Introduction: Kusudama Snowman
As many of you may know, I have been experimenting with the kusudama design for a while, and have published various instructables on it. This is my last planned adaptation for the kusudama design. I will not go into extreme detail as to how to fold the original petals or how to glue the flowers into a ball because I have already done so in other instructables. Please take a look at my instructable labelled
"Kusudama Origami Wedding Party Jewelry" for instructions on how to fold the petals, and refer to my instructable called "Kusudama Light (Chandelier/Centerpiece)" for instructions on how to glue 12 5 petaled flowers into a ball.
Step 1: A Ball Within a Ball Within a Ball...
For this project, I made 60 individual kusudama petals. Before gluing them into flowers, however, I cut each petal into 4 sections, each about 1/2 inch wide. I discarded the smallest section and used the other three as part of different flowers of different sizes. This project is extremely time consuming and may be tedious. It is rewarding, but you have to be committed to the process. It is also possible to make this design by making three different kusudama balls from start to finish. This would triple the time involved, but make the end product stronger.
As per my instructions in my other Kusudama instructables, I then glued similar sized petals (5 of them) into flowers. Once I made 12 flowers of each size, I started connecting similar sized flowers into flower balls of three different sizes as well.
Step 2: Stackable
At this point, the stacked kusudama balls are strong enough to be free standing.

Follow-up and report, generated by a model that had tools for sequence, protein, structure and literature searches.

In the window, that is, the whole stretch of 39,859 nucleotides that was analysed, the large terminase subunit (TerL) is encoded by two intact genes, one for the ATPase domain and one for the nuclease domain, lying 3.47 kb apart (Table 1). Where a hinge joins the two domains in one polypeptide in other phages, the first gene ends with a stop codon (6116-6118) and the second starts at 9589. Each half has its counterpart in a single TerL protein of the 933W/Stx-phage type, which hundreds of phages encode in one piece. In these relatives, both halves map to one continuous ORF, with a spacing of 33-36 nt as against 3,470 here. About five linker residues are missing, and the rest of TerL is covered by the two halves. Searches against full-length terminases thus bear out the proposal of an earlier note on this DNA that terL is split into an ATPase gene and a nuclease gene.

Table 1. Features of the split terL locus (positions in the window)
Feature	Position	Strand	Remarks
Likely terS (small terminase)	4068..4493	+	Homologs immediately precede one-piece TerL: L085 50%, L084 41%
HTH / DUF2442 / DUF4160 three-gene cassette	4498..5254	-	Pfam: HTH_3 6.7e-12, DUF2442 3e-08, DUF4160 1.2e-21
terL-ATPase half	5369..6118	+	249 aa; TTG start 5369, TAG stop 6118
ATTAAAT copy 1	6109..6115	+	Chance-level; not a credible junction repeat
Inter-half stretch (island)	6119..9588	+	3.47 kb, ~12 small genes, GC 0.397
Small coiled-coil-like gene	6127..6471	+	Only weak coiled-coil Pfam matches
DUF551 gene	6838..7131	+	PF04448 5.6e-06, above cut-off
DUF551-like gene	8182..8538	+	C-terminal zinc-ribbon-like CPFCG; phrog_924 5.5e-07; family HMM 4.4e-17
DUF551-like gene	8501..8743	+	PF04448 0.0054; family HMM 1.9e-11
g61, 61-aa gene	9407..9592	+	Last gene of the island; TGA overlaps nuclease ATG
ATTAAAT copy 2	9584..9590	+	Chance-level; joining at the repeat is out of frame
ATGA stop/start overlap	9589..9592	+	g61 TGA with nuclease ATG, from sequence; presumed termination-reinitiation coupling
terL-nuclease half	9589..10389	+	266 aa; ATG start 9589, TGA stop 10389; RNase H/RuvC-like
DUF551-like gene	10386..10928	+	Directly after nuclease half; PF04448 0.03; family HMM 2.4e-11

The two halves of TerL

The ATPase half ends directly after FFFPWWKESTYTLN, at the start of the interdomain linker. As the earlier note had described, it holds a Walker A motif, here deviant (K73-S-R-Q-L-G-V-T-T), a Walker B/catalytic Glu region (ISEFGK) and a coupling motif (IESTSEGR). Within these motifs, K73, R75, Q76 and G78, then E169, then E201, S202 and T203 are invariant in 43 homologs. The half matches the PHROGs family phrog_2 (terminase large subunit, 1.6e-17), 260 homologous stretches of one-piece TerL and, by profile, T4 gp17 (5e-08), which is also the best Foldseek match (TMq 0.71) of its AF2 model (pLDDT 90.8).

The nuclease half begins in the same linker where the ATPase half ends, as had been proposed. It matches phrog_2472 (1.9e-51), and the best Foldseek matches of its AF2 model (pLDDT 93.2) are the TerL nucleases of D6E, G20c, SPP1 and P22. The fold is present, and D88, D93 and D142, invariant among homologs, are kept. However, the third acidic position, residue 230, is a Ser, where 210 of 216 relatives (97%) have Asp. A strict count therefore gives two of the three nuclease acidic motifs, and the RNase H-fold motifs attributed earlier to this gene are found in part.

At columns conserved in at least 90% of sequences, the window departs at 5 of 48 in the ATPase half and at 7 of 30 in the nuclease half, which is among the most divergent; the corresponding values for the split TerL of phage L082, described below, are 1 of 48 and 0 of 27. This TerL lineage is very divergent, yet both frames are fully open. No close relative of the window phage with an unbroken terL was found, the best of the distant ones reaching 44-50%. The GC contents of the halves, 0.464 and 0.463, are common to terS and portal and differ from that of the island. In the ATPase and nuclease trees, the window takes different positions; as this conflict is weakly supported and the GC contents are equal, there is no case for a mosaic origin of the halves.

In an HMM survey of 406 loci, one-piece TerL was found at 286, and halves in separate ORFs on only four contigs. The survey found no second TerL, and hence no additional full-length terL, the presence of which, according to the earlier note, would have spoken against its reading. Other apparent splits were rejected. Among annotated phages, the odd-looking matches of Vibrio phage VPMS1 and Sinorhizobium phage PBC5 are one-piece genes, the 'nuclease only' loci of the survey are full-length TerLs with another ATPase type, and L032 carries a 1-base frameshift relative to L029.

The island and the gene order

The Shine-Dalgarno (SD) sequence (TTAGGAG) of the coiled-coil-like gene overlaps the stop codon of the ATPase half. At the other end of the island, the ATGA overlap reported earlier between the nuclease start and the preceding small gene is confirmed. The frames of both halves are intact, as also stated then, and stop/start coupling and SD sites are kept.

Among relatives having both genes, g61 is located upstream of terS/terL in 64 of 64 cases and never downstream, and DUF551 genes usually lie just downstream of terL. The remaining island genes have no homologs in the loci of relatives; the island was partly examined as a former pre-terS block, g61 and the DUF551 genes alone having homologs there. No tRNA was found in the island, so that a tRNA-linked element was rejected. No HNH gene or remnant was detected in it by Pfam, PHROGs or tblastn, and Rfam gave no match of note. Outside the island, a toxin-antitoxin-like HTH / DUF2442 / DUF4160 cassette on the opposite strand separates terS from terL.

Step 3: Adding Support
To bolster the integrity of the snowman, I took a little scrap wood and glued them together to make a base.
Step 4: Anchor
I used a 1/4 in drill bit to drill a hole in the middle of the foot. I plugged in a 1/4 inch dowel.
Step 5: Adding the Balls
I slipped each kusudama ball onto the dowel, one at a time. As each one was set into place, dripped a drop of glue into the space between the flower and the dowel to hold it in place. Once the three sections have all dried, I tried to decide how long I wanted the top hat to be. I cut the dowel with a handsaw to that size.
Step 6: The Nose
Once the glue was all dry, I fashioned a simple carrot nose and slipped it into a space in one flower.
Step 7: Adding a Top Hat
I found some old construction paper (black) to make a simple top hat. I cut out a circle first and then drilled a hold in the middle the size of the dowel. I slipped the circle down onto the snowman's head, then slipped on the cylindrical part of the top hat. Lastly, I found some twigs outside and glued them to the main body. Viola.